First Wool Sales in Goulburn in 1845
18 December 1935 Goulburn Evening Penny Post
"Native” writes -The wool industry at Goulburn goes back to the foundation of the settlement itself.
Shortly after the Goulburn Plains were discovered in April, 1818, Governor Macquarie promised W.W. Broughton in the September of the same year, 1818, 600 acres on Goulburn Plains, quit rent. He started in 1827.
This may be regarded as the start of the wool industry in the Goulburn district.
From statements in 1848, when the late Mr. Moore, of Pomeroy, made a private survey of the then proposed railway, to Goulburn we, gather that from Athurs-leigh in support of a railway, that the wool, the staple industry, had been carried to Sydney for nearly 30 years by the road.
Further back, in 1838, a traveller who visited Argyle in February of that year, stated he met with 78 dray laden with wool between Cowpastures Bridge and Bungonia in two days which made what was regarded in those days an enormous quantity of 936 bales, an average of 12 bales on each dray.
The great south road was in a terrible bad state between Sutton Forest, Paddy's River, Bungonia and Marulan.
There were eleven wooden bridges in impassable state.
One of the earliest sheep sales at Goulburn was in the year 1846, when the late Mr. Dignam sold 626 from two to three-year-olds at 6/- a head.
He also sold 1182 head at 5/- a head.
The wool was sold at Goulburn from one lot of these sheep at 1/5½ a lb. in 1845.
The old Australian Stores in Goulburn were buying wool.
From Mummell, in 1836, one settler had 1600 lb of wool, for which he expected to get 1/2 per lb.
Sir Richard Bourke, in reply to the address presented to him at Goulburn Plains in June, 1832, stated, "I have been grateful beyond my expectations in beholding the beauty and fertility of the district, in witnessing the exertions which the inhabitants are making for the extension of cultivation and the improvement and increase of those valuable flocks upon which so much of the prosperity of this colony depends.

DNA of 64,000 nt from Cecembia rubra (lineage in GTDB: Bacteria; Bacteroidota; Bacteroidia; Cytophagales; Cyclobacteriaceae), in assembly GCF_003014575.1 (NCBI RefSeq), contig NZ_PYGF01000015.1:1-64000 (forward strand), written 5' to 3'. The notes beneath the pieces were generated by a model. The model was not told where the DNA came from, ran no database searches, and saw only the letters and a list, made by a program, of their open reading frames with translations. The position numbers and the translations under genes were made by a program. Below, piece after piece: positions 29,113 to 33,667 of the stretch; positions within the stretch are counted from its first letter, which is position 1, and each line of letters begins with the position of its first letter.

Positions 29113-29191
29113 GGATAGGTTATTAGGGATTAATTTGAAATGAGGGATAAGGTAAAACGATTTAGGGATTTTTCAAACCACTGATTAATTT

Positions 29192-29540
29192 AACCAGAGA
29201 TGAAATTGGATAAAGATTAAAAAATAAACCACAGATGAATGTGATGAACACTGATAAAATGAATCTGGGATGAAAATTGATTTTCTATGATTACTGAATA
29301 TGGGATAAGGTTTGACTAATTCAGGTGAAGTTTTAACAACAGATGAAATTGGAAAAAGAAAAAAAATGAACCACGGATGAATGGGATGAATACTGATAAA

The preservation of that race in its greatest purity, so as to ensure a never failing supply of fine wool for the English market is an object which the colonists should never lose sight of."
In the Xmas seasons of'1845, the high price of wool put heart into the people of old Goulburn and in, that year, I think, there were a number of bales' of wool sold at one of the stores.
That was the year when the old town was visited by one of the greatest storms ever known since “white" men first settled here and nearly wrecked the township.
The shop fronts had shortly before been remodelled and introduced in that year also.
The first wool clip of the season passed through from Lithgows', and the Nicholson stations, Lake George, two dray loads.
The hail that fell in the storm at Goulburn in 1845 was 7½ in. to 9 in. in circumference and two inches and more in diameter.
It was in the Xmas of 1844, shortly before this storm occurred at old Goulburn that a most remarkable fiery meteor appeared and shot over the township of Old Goulburn.
It was somewhat larger than an orange.
Its extraordinary appearance and dazzling brightness made some of the early settlers of the town think it was a precursor of no good.